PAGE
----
Flash in the Pan

Nathan Edwards

Flash memory could become the dominant form of mass storage, replacing magnetic and optical media for many purposes. Although flash retains data without requiring power, the memory cells don’t retain their charges forever. Eventually, the charges dissipate and the bits fade away. Will our data be a flash in the pan?

Consider the trends. USB thumb drives are commonplace, and solid-state drives (SSDs) are appearing in subnotebook computers like the Asus Eee PC and Macintosh Air. SSDs are still too expensive to replace conventional drives in desktop PCs, but some hard drives use small amounts of flash to store startup data, which shortens boot times.

Flash already rules in consumer electronics. Lately, I’ve seen 2GB memory cards for $8. In my 10.2-megapixel DSLR, a 2GB card stores 264 pictures in highest-quality format. The cost per picture is half as much as using film—even if I don’t reuse the card. And that calculation excludes the cost of developing the film. So why not use the card only once, instead of copying archives onto other media?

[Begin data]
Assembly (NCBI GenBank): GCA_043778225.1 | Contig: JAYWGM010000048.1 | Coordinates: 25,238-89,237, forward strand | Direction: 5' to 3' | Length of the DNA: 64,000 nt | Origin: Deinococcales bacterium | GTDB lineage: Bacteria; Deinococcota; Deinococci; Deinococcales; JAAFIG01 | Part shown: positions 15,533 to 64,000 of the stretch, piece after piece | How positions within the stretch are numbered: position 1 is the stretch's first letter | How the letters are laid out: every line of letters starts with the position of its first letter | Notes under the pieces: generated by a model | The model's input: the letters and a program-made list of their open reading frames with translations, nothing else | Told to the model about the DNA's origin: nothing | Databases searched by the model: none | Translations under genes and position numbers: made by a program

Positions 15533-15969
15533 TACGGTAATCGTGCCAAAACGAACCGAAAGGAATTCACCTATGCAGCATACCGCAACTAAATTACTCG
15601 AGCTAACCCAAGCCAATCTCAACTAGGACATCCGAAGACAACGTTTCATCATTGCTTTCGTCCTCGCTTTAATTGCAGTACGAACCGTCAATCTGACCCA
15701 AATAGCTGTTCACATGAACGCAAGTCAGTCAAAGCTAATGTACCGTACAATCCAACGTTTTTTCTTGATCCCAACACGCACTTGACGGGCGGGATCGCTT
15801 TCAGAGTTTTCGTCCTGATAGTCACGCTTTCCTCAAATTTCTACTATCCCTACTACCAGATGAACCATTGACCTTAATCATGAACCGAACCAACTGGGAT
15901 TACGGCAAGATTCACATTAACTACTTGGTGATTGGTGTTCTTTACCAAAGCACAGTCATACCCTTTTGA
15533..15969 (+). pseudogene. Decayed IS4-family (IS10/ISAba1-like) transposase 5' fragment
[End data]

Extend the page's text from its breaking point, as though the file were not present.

Unfortunately, vendors of thumb drives and memory cards are vague about data retention. Usually, they estimate 10 to 20 years. Actually, the data can last much longer.

Research shows that some cells in every flash chip lose their charge relatively quickly. The remaining cells stay charged for decades. Eventually, the number of cells losing charges rises again, until all data is lost.

Heat speeds up the process. Manufacturers can produce long-living flash chips by baking them at high temperatures (up to 482 F) for long periods (up to three weeks) to kill off the “weak” cells, leaving only the “strong” ones. Afterward, accelerated aging tests indicate that data retention at room temperature can exceed 1,000 years. However, it’s unlikely that mass-market flash chips will get this expensive treatment.

To be safe, then, keep your flash memory cool and rewrite the data every 10 years or so. Although magnetic and optical media typically last much longer, they can fail prematurely, too. When preserving vital data, nothing beats making regular backups on multiple types of media. Sorry!

Tom Halfhill was formerly a senior editor for Byte magazine and is now an analyst for Microprocessor Report .

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